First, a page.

Michael Moore on the rise of Trump and his new film Fahrenheit 11/9

Written by Caroline Frost on 19 October 2018 in Culture

The award-winning American filmmaker spoke to TP about his latest offering.

Michael Moore's work includes Bowling for Columbine (2002), for which he won an Oscar for Best Documentary Feature, and Fahrenheit 9/11 (2004), which was awarded the Palme d’Or in Cannes. Other films include his breakthrough doc Roger & Me (1989), Sicko (2007), Capitalism: A Love Story (2009) and Where To Invade Next (2015), while he’s also presented and produced the popular long-running TV shows The Awful Truth and TV Nation.

Now he returns with his latest documentary Fahrenheit 11/9, a state-of-the-nation address that sets out to examine just how Donald J. Trump was voted in as the 45th President of the United States.  Below, he talks about what led him to the subject, his thoughts on why Trump appeals to voters and the changes he wants to see in America.




TP: When did you decide to make this film? The night of the election?

MICHAEL MOORE: No. I’d say we started thinking about it after the Women’s March. I’d never seen what a million people in person looked like and it was really amazing. I thought, ‘Something is going on here. There’s going to be an uprising.’ So I guess that’s when we first started thinking about it. I did what I could do before the election to try and warn people that he was going to win, and they needed to get out and vote. We were here the week before Brexit, and we travelled throughout the UK and I could tell just by talking to people that it was going to pass. Whereas the press was saying it wasn’t. The people we spoke to sounded very similar to the people back home, who were looking for a way to throw a bomb into the system that had failed them. I saw it was happening here; it’s not that people wanted to leave Europe. It’s that they wanted a wake-up call for the politicians who had failed them. I think the message has been received.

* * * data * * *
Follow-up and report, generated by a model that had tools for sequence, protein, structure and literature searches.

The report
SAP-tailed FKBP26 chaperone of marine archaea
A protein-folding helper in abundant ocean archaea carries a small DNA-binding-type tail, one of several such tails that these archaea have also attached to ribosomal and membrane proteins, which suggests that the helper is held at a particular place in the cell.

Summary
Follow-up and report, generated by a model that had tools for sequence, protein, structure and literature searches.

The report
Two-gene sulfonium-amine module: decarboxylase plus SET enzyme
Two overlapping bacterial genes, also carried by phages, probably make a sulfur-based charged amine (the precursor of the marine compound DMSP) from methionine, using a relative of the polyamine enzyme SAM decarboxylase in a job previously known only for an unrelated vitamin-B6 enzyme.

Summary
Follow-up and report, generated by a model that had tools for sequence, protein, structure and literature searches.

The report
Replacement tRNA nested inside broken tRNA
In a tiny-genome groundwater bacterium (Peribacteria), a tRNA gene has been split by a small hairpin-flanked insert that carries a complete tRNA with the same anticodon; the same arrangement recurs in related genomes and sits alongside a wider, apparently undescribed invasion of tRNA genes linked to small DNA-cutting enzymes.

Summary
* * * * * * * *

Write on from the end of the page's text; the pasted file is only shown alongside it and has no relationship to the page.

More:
TP: Do you think Trump can do more damage in a short space of time in the US than Brexit will to the UK?

MICHAEL MOORE: To the planet…not just the US.


TP: As you say in the film, Trump’s controversial actions are all undertaken in plain sight, right?

MICHAEL MOORE: He just laid off the woman in charge of environment protection for children’s health last week in the Federal government. It’s an office to make sure regulations are in place in terms of how the environment affects children – nah, we don’t need that! Just get rid of it! Wasn’t a big story. Nobody is talking about it. Every day there are all these little cuts that are happening that people aren’t aware of.